Standard cancer treatments simply don’t cut it for patients with advanced cases of mesothelioma.
That’s the assessment of a team of researchers tracking real-world care for mesothelioma patients. The group argued that “more effective” systemic anti-cancer therapies are needed to treat advanced mesothelioma cases, based on the limited efficacy of standard cancer treatments encountered in their observational study.
The team — which included an oncologist from Oncology Hematology Care in Cincinnati and corporate researchers from Bristol Myers Squibb and McKesson Life Sciences — published their findings March 26 in the journal Future Oncology.
For the study, the group focused on advanced mesothelioma treatment at community centers. This approach was intended to reflect real-world mesothelioma care, which researchers have “limited information” on compared to heavily stratified-patient data in clinical settings, the team noted.
The team reviewed 469 cases out of 2,697 patients diagnosed with malignant mesothelioma. They noted that fewer than half of those nearly 2,700 received any kind of systemic anti-cancer therapy.
Among the study group, 369 patients (78.7 percent) were given a chemotherapy cocktail of pemetrexed, which goes by the brand name Altima, and one of several platinum-based doublet drugs. Another 51 patients (10.9 percent) were administered only pemetrexed.
The majority of these advanced mesothelioma patients received only first-line chemotherapy, with only 23 percent getting second-line therapies, and another 7 percent opting for second- and third-line treatments.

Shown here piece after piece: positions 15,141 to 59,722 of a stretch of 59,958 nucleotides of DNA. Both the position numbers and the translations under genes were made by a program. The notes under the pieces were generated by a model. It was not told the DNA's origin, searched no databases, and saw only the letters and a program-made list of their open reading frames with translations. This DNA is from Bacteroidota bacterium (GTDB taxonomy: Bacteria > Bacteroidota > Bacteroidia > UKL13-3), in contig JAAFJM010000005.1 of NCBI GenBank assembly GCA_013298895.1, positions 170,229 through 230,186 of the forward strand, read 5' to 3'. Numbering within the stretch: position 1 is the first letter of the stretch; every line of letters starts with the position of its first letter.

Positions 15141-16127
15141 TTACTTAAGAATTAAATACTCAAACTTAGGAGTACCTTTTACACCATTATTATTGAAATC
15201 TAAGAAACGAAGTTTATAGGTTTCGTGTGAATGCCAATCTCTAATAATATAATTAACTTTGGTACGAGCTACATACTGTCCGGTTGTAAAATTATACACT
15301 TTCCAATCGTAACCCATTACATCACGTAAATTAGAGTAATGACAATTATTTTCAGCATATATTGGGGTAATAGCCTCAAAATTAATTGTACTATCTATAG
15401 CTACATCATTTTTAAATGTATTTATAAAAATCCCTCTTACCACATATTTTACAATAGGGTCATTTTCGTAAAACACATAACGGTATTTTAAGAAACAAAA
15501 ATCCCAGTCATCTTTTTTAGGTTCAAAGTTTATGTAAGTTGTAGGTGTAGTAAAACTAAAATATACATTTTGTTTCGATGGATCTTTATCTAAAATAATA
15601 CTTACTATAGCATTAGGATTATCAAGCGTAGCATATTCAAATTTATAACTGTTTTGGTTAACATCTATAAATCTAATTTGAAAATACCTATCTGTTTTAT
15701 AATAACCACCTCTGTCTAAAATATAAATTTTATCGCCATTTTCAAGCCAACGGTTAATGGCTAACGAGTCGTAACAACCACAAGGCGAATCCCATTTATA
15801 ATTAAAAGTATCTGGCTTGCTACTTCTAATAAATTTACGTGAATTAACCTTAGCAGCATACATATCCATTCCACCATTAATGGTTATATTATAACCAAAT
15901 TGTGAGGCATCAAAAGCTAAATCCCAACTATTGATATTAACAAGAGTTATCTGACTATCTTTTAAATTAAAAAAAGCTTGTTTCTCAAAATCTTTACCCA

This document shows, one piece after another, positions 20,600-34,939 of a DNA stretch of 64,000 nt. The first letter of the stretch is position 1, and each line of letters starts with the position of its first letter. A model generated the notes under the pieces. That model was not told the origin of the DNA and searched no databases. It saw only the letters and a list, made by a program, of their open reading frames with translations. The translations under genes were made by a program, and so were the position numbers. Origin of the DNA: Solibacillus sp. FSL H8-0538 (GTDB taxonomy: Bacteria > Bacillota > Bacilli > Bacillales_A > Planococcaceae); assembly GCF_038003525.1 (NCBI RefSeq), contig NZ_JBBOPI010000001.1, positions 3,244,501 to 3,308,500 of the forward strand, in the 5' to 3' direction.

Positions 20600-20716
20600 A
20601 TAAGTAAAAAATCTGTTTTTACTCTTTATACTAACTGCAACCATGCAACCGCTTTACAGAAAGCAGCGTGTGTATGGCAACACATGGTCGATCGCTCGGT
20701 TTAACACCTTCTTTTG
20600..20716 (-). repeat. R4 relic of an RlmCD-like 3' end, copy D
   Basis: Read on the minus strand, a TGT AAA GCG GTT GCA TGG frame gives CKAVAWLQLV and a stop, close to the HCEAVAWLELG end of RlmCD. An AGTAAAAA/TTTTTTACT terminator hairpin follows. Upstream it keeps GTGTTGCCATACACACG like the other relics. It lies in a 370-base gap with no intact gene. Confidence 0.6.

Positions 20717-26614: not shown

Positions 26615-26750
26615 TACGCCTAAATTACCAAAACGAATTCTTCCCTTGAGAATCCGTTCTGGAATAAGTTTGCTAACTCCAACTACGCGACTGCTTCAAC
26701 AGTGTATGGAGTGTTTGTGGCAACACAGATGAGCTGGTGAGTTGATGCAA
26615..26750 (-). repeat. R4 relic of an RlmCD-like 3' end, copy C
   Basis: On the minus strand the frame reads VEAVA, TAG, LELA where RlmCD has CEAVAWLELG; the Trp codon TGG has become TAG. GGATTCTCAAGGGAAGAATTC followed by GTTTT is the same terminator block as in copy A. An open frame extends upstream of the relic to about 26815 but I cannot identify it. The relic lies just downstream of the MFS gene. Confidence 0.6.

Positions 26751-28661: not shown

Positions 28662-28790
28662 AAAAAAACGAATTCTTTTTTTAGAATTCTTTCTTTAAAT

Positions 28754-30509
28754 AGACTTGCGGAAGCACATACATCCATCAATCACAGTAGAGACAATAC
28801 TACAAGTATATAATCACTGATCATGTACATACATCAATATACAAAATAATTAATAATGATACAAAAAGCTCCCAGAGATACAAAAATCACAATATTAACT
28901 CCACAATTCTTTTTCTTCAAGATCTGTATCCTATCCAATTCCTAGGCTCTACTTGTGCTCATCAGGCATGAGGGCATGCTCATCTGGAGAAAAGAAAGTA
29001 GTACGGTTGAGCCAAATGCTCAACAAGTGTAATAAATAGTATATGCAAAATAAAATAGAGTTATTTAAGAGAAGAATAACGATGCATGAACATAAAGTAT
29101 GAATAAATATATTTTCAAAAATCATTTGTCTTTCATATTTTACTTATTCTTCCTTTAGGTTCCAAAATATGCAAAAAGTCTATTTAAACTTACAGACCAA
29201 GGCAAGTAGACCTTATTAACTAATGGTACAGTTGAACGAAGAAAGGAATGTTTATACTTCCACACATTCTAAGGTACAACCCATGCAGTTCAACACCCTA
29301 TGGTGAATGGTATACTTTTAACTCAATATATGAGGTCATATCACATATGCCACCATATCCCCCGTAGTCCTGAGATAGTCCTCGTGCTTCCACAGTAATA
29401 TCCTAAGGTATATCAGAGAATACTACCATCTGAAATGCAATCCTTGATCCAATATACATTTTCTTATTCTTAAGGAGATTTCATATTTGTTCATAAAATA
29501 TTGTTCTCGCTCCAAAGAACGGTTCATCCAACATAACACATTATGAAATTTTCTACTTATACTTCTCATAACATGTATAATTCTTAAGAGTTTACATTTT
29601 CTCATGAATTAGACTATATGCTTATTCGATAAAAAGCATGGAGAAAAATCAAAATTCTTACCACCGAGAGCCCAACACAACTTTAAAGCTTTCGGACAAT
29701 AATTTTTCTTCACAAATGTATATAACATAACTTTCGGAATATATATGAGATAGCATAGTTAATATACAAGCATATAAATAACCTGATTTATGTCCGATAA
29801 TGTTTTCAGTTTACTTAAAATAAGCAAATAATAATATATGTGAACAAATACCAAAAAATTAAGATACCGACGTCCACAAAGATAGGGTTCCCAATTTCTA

Of those who got second-line chemotherapy, most received either gemcitabine (branded as Gemzar) or pemetrexed. A small number of participants did receive immunotherapy, however.
Of the few that received third-line chemotherapy, most got gemcitabine, pemetrexed, or vinorelbine (branded as Navelbine), the researchers noted.
However, all these different treatments yielded fairly poor results. Median overall survival for patients that received any first-line treatment was 12 months, with patients under 65 living 14.9 months, those between 65 and 75 living 11.6 months, and those over 75 years of age surviving 11.8 months.
For patients that received pemetrexed and a platinum-based drug, median overall survival was 14 months. Those who got pemetrexed alone lived an average of 10.7 months.
The numbers were only slightly better for patients who opted for second-line chemotherapy, with them averaging 6.4 additional months. Median overall survival with gemcitabine was 3.4 additional months, 8.4 extra months for those on pemetrexed and 11.8 additional months for the handful of patients that received immunotherapy.
Based on these figures, the group determined that the current crop of systemic anti-cancer therapies for advanced mesothelioma “were associated with poor [overall survival] across all lines of therapy, highlighting the need for more effective treatments.” They also noted their disappointment that “only a small proportion of patients” received second- or third-line treatments.
“Investigation of additional therapies for advanced [malignant pleural mesothelioma], including immunotherapy, is warranted,” they concluded.